The unit on drama as literature featured a great work that invited my careful analysis out of a desire to gain understanding. That work was Shakespeare’s The Tempest. A work with social and mythical underpinnings, it contained a fascinated plot with a great emphasis on power and justice, and how the two intertwine in life. Though Shakespeare’s language is at times riddled with subtle metaphors and older English, it can be understood through close reading and examination of historical context.
This class has unquestionably increased my repertoire of classical literature knowledge. I also believe it has improved my ability to scrutinize literature through various scopes and lenses and draw reasonable, easily supported arguments from it. This is a skill which will never be unusable, as critical thinking and reading skill are vital in all walks of life.

Tuesday, November 25, 2008

Concepts to Characters

It is one thing to anthropomorphize an inanimate object and give it characteristics equating to its function. It is quite another to take an incorporeal idea, like love or the wandering mind, and create a fitting and serviceable character. Though there is one advantage to a conceptual character: you can project whatever traits your plot requires onto the concept. Since it has no set characteristics, a concept can be imbued with what ever traits dramatic need dictates.

Thursday, October 2, 2008


This poem by Percy Shelly seems to comment on the fleeting nature of even the pinnacle of human achievements; their oh so temporal existence. The name Ozymandias is a westernization of the Egyptian pharaoh Ramesses II. He was responsible for the building of some the most massive monuments in human history. This poem seems to comment on the arrogance of trying to overcome the greatest force in existence: the test of time. The great "King of Kings" believed his achievements could be remembered forever in stone. However, even stone succumbed to the ravages of time; stone feet standing in ruins in the present. The greatest irony is created when the epitaph on his crumbled statue is read. The mighty works of Ozymandias are themselves in despair, rather than those they are meant to inspire that awe in.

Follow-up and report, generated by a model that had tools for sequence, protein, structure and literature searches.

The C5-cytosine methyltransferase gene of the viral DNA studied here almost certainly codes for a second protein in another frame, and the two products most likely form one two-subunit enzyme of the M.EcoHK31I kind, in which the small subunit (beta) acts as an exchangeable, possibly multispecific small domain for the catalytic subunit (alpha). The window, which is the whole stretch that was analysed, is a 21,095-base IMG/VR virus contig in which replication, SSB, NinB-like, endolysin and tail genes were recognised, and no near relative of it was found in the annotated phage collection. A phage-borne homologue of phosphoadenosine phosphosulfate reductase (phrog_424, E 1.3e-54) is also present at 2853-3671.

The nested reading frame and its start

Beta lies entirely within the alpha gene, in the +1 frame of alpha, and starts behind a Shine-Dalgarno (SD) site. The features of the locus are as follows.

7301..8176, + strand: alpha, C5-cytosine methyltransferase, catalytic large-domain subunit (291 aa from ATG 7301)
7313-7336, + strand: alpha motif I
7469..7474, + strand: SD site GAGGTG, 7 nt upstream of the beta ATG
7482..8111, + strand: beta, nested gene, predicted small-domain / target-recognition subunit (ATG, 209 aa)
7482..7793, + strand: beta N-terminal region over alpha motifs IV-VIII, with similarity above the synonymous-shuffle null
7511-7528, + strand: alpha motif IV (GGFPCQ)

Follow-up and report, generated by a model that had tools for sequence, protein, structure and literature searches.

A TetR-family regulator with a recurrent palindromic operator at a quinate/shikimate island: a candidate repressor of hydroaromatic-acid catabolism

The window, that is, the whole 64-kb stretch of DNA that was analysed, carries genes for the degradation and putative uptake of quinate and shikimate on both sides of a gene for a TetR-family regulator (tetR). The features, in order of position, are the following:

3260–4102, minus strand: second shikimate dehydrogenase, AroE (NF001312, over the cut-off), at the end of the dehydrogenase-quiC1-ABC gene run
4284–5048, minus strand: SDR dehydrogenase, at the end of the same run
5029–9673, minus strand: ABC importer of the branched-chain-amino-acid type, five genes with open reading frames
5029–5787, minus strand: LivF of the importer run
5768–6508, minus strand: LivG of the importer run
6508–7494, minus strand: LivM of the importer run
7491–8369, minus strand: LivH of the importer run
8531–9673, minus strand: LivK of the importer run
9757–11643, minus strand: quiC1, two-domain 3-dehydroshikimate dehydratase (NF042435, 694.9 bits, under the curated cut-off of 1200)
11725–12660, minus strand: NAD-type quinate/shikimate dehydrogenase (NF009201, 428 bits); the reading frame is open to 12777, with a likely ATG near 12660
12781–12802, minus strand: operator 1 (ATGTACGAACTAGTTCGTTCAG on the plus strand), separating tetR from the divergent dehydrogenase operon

Thursday, September 18, 2008

Respice Finem

Latin for "Look to the End", this statement comes to prominent significance in "The Death of Ivan Ilych" in a literal statement and a figurative meaning. The statement appears on a medallion he attains in the story as an ornament to himself. This materialistic bent on a very important message is prophetic of Ivan's own neglect in his life. He fails to "look to the end" of his own life. His short-sightedness costs him his dignity and the comfort of others in the final days of his life. He missed the message the medallion was supposed to convey, and so lost the meaning of his life.